‘We have seen an alternative to the quota system in Malawi, where the international community, spearheaded by Norway, has given financial support to women standing for election,’ says Tønnessen.
Substantial representation of women can lead to more women-friendly laws and decisions, but this is not always the case.
‘It’s a long process. An election today does not bring about new laws tomorrow,’ says Tønnessen.
Sudan reserved seats for women in its national assembly in 2008, but this has not yet resulted in women-friendly laws. The president stopped a draft bill to criminalize female genital mutilation on religious grounds. However, female politicians and activists have not given up and are still fighting to criminalize the practice. In Uganda, the research findings show that female legislators represent women’s interests to a great extent. The country has had reserved seats for women in the parliament since 1989.
‘However, it was not until the period from 2006 to 2009 that we started to see results. A new law was passed in 2010, for example, relating to domestic violence,’ says Wang.
In Malawi, the project team is planning to carry out an extensive survey to map people’s attitudes to women in politics. They will be using experimental survey as the method.
‘As far as we know, this methodical approach has not been used before to study symbolic representation in Africa. We will ask two representative samples the same questions, but with a discrete gender difference in the wording of the questions,’ says Tønnessen referring to the following example concerning support for the criminalisation of child marriage – a topic that has been high on the country’s political agenda.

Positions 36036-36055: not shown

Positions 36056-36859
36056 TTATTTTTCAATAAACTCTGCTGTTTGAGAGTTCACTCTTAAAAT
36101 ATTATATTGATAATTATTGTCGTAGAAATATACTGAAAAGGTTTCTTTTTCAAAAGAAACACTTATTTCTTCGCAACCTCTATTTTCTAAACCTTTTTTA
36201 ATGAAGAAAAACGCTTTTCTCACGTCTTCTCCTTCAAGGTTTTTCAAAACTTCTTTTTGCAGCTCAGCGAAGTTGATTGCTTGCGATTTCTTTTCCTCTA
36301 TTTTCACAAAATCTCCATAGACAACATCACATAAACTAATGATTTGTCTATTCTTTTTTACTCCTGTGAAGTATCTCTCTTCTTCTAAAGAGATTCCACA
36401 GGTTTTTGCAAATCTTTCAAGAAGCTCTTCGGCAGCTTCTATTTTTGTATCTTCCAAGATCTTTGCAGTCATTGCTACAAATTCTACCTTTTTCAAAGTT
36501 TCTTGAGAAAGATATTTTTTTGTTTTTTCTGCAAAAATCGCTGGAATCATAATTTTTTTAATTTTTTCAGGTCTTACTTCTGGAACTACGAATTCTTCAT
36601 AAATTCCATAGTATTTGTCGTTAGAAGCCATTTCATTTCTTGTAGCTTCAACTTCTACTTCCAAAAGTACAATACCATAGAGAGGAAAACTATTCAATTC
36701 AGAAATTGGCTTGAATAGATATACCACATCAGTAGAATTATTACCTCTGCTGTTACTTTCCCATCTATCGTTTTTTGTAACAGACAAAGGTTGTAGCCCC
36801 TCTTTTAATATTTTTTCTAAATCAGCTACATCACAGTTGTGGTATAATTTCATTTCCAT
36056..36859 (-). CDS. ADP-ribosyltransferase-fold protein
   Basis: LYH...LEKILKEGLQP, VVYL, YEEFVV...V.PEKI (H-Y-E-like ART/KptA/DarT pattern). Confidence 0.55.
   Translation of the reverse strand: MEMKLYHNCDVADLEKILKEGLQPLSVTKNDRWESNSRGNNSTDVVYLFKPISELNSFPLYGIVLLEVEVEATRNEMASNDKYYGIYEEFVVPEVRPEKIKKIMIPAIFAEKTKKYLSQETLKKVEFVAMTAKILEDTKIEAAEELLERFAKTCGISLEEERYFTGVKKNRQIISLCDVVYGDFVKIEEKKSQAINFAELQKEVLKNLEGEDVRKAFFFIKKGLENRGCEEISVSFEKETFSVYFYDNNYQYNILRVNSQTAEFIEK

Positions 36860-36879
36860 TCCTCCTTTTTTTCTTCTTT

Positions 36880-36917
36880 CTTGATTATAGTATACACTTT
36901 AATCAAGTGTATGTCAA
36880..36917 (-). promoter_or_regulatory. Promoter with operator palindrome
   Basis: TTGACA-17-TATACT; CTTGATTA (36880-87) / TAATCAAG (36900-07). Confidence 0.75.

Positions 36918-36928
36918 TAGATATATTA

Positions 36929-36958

‘Half of the respondents will be asked whether they support the proposal to criminalise child marriage as proposed by a female politician. The others will be asked the exact same question, this time however proposed by a male politician. This enables us to identify the differences in attitudes to male and female politicians,’ says Tønnessen.
Little research has been done on the role of aid in promoting women’s political participation. Earlier studies in Africa have mainly looked at countries with strong women’s movements and female representation in parliament of over 30 per cent.
‘Countries with few women in politics and weak women’s movements have been included in the project to generate new knowledge about substantial representation. It will be particularly interesting to see if aid has an effect in these contexts,’ says Tønnessen.
‘What roles do aid and outside influences play?’
‘CEDAW, The UN Convention on the Elimination of All Forms of Discrimination against Women, Resolution 1325 and other international norms are actively used to frame local demands. International aid actors play an important role in applying pressure, but they also fund and support campaigns for women’s rights. Aid can play an important role if and when local rights claims converge with the agenda of international actors,’ says Tønnessen.